Ritualization of early Christian meal practices

Vojtěch Kaše‘s project focuses on the processes of cultural selection and transmission of particular behavioral patterns linked with the meal practices of early Christian communities and aims to explain the gradual ritualization of these patterns.

In contrast to the recent scholarship on early Christian meal practices, Kaše’s interest lies not in the social identity formation of these behavioral patterns, but in the particular cognitive mechanisms underlying their mental processing. Drawing on recent cognitive theories of ritual and ritualized behavior, Kaše argues that the processes of cultural selection and transmission of these behavioral patterns have been substantially affected by the general functioning of human mind.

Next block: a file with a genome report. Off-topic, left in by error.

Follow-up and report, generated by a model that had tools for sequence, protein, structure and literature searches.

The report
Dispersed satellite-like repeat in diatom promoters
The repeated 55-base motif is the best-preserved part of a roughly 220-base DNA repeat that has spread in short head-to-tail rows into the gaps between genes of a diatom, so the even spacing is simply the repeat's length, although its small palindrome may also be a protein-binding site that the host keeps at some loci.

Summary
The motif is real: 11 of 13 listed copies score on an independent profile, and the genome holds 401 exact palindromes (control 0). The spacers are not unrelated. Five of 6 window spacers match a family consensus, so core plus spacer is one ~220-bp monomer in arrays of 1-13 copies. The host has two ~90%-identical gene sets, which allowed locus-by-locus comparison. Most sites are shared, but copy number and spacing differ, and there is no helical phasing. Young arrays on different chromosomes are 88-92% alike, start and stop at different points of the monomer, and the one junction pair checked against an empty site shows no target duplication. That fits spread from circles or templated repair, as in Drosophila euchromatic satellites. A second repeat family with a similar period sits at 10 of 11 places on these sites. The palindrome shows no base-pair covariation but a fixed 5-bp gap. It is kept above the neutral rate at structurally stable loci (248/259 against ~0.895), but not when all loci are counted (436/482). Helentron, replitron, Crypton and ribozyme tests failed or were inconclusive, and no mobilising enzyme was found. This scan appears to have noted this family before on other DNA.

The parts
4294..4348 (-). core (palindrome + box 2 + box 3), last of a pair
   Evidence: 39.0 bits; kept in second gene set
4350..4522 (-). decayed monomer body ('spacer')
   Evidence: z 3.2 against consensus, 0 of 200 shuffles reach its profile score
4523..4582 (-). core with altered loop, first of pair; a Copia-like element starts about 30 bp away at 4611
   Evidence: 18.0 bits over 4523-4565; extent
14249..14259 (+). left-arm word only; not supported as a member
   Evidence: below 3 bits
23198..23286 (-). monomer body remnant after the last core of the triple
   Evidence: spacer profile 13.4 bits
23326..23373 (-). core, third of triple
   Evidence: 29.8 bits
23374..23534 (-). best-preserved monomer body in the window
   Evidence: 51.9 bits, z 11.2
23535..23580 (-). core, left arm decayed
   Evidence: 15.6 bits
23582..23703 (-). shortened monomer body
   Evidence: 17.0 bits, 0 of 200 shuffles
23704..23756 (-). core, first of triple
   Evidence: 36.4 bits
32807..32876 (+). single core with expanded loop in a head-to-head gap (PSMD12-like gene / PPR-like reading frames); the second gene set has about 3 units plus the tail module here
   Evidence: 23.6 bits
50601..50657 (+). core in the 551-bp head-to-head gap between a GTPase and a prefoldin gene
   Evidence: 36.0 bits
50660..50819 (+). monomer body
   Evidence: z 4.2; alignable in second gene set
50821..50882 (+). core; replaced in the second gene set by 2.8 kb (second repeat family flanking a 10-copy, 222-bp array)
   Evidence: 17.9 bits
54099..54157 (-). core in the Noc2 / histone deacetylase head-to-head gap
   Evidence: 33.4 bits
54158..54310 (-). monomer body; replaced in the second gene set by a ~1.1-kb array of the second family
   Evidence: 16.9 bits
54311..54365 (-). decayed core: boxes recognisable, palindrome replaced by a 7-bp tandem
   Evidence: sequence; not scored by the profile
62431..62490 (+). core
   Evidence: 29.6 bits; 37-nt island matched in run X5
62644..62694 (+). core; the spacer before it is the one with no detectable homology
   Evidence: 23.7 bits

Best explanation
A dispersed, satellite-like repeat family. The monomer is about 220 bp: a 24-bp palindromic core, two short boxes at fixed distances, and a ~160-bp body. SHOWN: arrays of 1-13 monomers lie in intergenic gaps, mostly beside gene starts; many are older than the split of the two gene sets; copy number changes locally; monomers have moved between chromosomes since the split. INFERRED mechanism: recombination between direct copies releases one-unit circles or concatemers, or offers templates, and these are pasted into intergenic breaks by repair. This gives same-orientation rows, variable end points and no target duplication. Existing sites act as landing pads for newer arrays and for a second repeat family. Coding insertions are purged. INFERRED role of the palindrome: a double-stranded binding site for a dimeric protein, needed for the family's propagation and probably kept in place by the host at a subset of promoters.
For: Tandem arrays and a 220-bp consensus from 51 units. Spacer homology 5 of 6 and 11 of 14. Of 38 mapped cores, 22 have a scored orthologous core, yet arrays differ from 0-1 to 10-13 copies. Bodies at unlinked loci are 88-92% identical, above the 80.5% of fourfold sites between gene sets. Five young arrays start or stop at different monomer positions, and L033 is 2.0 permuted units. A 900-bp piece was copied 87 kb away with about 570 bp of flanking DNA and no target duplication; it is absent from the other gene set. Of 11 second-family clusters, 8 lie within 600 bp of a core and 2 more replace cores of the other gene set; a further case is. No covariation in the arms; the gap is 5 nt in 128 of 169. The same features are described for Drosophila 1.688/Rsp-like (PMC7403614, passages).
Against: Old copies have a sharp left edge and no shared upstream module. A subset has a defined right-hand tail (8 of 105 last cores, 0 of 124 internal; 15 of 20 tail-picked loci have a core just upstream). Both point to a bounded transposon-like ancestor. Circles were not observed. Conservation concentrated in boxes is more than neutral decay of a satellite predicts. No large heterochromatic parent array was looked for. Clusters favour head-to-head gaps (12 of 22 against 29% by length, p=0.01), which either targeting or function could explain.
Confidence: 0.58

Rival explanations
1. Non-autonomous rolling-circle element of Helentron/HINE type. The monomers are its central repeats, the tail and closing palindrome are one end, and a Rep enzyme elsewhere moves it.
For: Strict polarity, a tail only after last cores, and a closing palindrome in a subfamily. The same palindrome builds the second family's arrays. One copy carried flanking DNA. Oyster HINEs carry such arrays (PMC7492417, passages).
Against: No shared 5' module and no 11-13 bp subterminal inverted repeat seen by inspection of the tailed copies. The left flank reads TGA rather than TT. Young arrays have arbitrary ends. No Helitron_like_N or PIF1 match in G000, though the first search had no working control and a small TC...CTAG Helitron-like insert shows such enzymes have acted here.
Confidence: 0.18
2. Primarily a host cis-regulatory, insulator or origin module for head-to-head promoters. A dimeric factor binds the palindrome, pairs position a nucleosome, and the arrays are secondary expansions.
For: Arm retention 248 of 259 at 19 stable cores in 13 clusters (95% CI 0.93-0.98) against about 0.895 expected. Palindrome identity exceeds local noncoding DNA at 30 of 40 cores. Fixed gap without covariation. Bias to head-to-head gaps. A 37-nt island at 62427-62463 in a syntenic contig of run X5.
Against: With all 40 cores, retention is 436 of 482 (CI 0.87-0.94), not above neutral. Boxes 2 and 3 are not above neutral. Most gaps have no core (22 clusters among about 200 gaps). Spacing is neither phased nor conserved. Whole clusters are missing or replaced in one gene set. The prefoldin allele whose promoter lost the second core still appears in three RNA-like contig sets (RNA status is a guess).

Data are derived predominantly from texts interpreted by using standard philological and historical methods with regard to the seven particular topics: (1) goal-demotion in meals (2) magical transformation of meal elements, (3) ritual meal frequency, (4) time of meal during day, (5) restrictions of meal elements, (6) restrictions of participating and presiding, (7) fixation of prayers before and after meal. Special attention is given to differentiation between textual evidence, its representational content and its relation to possible practice.

Interconnecting the textual evidence with the elaborated theoretical framework enables to formulate falsifiable models representing the developmental trajectories of the behavioral patterns in early Christian meal practices, and these models will be finally tested by computational agent-based simulations.